PPBF – My Grandma and Me

As regular readers know, I love intergenerational stories. And when I find one that showcases the bond between a grandparent and grandchild that also includes a cultural tradition different from my own, you know it’s bound to become a Perfect Picture Book!

 

Title: My Grandma and Me

Written By: Mina Javaherbin

Illustrated By: Lindsey Yankey

Publisher/Date: Candlewick Press/2019

Suitable for Ages: 4-8

Themes/Topics: grandmothers, friendship, Iran, autobiographical, tradition, religion

Opening:

When I was growing up in Iran, my grandma lived with us. I followed her everywhere. When she swept, I swept. When she cooked, I cooked. When she prayed, I prayed like her, too.

Brief Synopsis:

In little snippets of her life in Iran, Mina explores the special bond between a granddaughter and grandmother, and the joys that occur in everyday activities.

Links to Resources:

  • What do you enjoy doing with a grandparent or other older family member or friend?
  • This story is based on the author’s childhood in Iran. Learn about Iran;
  • Invite a friend and his or her grandparent to spend time with you and your grandparent. Do you think your activities will be the same as that of the older women or men?
  • Check out the Activity Kit.

Why I Like this Book:

My Grandma and Me provides a window into home life several years ago in Iran, told from the perspective of the narrator, a child. Although many of the activities are particular to the narrator’s experiences with her grandmother, like praying at dawn with a prayer rug or purchasing fresh bread from a delivery boy on a bicycle, the love that is evident between grandparent and child is a universal experience to which children will relate.

I particularly liked the inclusion of Islamic religious practices and the scenes that highlighted the respect and affection for those of different faith traditions. Interestingly, as the narrator played with her friend, their grandmothers knitted blankets together and then “donated them to my grandma’s mosque and Annette’s grandma’s church.” I also love the narrator’s conclusion that even as an adult, she still wants to be just like her grandmother who was “kind, generous, and full of love.” What a wonderful role model she describes!

I think My Grandma and Me will be a terrific conversation starter as parents and children, or perhaps grandparents and grandchildren, read this book together and discover how their lives are similar to those in Iran in the not-too-distant past. I also think this book will appeal to anyone wishing to learn more about the day-to-day practice of Islam and religious tolerance.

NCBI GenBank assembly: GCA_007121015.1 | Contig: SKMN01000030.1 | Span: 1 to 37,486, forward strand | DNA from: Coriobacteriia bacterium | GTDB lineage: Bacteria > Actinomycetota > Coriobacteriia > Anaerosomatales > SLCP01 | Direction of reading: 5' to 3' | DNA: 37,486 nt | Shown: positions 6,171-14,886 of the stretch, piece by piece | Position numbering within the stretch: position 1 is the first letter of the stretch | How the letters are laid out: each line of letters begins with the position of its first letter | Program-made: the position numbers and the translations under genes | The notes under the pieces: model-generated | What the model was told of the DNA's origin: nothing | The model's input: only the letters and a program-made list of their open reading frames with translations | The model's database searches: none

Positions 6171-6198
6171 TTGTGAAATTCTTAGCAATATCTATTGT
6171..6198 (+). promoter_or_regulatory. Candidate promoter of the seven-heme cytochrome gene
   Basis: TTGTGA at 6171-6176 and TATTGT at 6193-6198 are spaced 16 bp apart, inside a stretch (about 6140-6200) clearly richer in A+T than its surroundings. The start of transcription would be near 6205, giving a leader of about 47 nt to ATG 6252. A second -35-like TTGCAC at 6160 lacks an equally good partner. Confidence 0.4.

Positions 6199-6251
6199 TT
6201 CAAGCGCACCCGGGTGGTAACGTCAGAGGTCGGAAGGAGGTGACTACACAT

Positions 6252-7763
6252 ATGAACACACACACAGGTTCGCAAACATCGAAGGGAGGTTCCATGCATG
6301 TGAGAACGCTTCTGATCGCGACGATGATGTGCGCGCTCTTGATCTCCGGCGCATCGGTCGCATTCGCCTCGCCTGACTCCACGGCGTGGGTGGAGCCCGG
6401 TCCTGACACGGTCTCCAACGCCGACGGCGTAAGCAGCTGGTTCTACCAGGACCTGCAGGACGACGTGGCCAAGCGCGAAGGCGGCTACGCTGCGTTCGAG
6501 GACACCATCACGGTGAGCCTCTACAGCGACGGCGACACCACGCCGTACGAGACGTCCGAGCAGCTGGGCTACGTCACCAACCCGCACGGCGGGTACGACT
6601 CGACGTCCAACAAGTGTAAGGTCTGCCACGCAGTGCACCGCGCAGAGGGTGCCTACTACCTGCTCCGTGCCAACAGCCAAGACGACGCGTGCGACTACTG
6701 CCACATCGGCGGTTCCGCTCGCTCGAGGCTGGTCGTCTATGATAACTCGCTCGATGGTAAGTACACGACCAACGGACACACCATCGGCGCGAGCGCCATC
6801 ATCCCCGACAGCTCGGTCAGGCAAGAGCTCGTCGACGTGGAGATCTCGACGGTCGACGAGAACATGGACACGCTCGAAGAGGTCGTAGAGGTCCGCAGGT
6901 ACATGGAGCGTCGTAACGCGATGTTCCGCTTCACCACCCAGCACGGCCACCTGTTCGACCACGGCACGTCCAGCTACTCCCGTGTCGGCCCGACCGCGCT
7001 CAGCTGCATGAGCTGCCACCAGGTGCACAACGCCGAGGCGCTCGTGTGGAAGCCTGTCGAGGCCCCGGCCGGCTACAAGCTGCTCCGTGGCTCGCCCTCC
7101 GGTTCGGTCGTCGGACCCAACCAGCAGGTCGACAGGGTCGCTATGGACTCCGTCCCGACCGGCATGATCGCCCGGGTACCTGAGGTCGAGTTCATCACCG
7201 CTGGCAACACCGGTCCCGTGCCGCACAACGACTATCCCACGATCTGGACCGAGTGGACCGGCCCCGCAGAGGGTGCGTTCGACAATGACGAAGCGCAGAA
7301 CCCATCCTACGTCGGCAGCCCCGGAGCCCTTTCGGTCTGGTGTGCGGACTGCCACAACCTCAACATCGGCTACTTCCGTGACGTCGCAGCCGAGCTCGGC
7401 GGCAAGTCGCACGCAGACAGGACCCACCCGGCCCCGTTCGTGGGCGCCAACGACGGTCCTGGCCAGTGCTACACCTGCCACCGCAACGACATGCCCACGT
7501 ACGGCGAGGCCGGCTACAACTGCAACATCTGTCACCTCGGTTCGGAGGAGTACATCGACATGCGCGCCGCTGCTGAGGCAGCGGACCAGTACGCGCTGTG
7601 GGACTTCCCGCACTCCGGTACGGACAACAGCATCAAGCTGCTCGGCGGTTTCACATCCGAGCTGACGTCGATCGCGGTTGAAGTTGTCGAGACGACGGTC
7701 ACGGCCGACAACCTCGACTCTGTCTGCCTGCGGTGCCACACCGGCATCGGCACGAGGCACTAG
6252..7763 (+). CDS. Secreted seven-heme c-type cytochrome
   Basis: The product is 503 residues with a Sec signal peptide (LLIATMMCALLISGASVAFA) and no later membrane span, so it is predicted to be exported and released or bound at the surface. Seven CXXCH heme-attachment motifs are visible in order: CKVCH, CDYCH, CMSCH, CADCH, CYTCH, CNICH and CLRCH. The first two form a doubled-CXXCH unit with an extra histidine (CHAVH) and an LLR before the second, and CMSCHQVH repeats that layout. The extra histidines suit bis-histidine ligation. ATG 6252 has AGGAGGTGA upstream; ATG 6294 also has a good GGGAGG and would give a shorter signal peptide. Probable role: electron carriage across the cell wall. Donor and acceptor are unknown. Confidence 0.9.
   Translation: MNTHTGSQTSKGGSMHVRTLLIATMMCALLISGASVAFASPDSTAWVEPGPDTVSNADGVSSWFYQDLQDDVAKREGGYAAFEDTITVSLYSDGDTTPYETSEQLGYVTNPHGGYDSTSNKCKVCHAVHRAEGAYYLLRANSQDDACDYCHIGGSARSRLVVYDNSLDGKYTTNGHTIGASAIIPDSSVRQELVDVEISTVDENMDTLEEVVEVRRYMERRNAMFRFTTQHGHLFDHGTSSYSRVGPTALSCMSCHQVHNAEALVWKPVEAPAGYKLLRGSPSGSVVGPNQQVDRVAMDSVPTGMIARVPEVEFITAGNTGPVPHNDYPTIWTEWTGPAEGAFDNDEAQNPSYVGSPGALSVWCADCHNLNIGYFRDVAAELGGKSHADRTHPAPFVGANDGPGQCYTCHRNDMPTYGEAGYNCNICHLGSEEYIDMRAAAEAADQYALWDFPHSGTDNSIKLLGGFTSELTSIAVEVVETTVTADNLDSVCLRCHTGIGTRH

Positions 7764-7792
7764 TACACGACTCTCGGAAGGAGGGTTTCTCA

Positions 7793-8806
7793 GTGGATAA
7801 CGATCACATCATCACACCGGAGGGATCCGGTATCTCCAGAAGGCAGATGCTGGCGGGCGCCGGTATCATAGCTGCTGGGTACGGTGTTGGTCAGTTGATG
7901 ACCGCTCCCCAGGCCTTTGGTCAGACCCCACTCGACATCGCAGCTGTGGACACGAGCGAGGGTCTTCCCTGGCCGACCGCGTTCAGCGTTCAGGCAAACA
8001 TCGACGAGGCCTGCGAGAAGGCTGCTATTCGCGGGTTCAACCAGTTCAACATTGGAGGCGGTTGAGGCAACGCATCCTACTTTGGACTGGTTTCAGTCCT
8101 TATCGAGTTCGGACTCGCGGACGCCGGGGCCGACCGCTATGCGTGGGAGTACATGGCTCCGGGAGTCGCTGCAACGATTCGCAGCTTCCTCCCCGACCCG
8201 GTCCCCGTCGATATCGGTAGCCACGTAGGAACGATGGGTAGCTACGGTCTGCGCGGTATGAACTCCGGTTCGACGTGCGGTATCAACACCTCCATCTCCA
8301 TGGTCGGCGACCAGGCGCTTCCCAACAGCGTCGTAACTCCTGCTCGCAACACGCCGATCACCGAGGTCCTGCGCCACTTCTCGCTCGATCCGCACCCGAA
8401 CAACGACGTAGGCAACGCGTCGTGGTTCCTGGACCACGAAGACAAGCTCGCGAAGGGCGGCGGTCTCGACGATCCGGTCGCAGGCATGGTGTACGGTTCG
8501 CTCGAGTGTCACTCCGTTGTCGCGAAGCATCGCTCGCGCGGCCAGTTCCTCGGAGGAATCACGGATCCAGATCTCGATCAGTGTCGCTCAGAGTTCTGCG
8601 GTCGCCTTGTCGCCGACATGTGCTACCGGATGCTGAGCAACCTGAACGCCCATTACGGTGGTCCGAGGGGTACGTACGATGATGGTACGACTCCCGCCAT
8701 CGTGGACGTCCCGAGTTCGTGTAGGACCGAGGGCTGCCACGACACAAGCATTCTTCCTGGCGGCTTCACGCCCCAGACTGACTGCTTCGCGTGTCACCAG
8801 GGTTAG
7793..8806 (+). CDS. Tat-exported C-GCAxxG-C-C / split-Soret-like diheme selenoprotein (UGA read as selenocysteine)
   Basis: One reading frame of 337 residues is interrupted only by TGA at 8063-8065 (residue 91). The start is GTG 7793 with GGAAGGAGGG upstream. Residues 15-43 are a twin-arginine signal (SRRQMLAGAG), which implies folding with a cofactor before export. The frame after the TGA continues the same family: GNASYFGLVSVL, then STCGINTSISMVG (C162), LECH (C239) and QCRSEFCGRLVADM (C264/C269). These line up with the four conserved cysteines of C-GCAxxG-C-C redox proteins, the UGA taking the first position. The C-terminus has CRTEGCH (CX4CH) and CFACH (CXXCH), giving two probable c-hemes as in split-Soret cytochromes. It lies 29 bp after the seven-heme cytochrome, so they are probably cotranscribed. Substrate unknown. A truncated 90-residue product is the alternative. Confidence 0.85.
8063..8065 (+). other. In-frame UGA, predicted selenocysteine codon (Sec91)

The delicate and detailed illustrations in soft colors include lovely Persian details that remind the reader that although the love that shines through the text is universal, the narrator’s story and the relationship with her grandmother are uniquely their own.

A Note about Craft:

Javaherbin utilizes first-person point-of-view to tell this largely autobiographical story. As always, this viewpoint draws readers into the story enabling them to better imagine Mina’s activities with her grandmother and think about the things they do with their own grandparents.

A space motif runs through the story, including a scene with the narrator imagining a flight into space. The book culminates with a comparison between the “big universe full of many moons” and the many wonders in the world, and the all-encompassing love the narrator feels for her grandmother.

Learn more about Iranian-born, US-based Javaherbin. See more of Yankey’s illustrations on her website.

This Perfect Picture Book entry is being added to Susanna Hill’s Perfect Picture Book list. Check out the other great picture books featured there!

12 responses to “PPBF – My Grandma and Me

  1. I can always count on finding a wonderful intergenerational story on your blog. I can see how this book will generate lively discussions about cultural differences and similarities – like the universal feeling of love. Thank you for sharing “My Grandma and Me.”

  2. This sounds beautifully layered with some sweeping and some very intimate themes. Thank you for introducing it to us.

  3. Will definitely be looking for this – I love grandmother stories! Thanks!

  4. I saw this in my library – standing on top of a shelf – as I dashed in last week. Now, I need to go back and check it out. I love the meshing of intergenerational and India. Thank you for featuring it.

  5. Given the current political situation in this part of the world, this intergenerational story may be just what we all need to read.

  6. This sounds like a treasure. I am a sucker for stories about grandchildren and grandparents too — especially when they are multicultural. You get the best of two worlds. And, there are so few books about life in Iran and religious traditions, that I would add one to my shelf!

  7. Mina was on my list of authors to invite for Kidquake this past year. This would have been a wonderful book for her to talk about. But I ask local authors, first, unless I know they’re touring. If I recall correctly, Mina lives in SoCal. Ah well, I’ll make a note and see who my options are for this coming year. Thanks for reminding me! I do love how inclusive it is in multiple ways.

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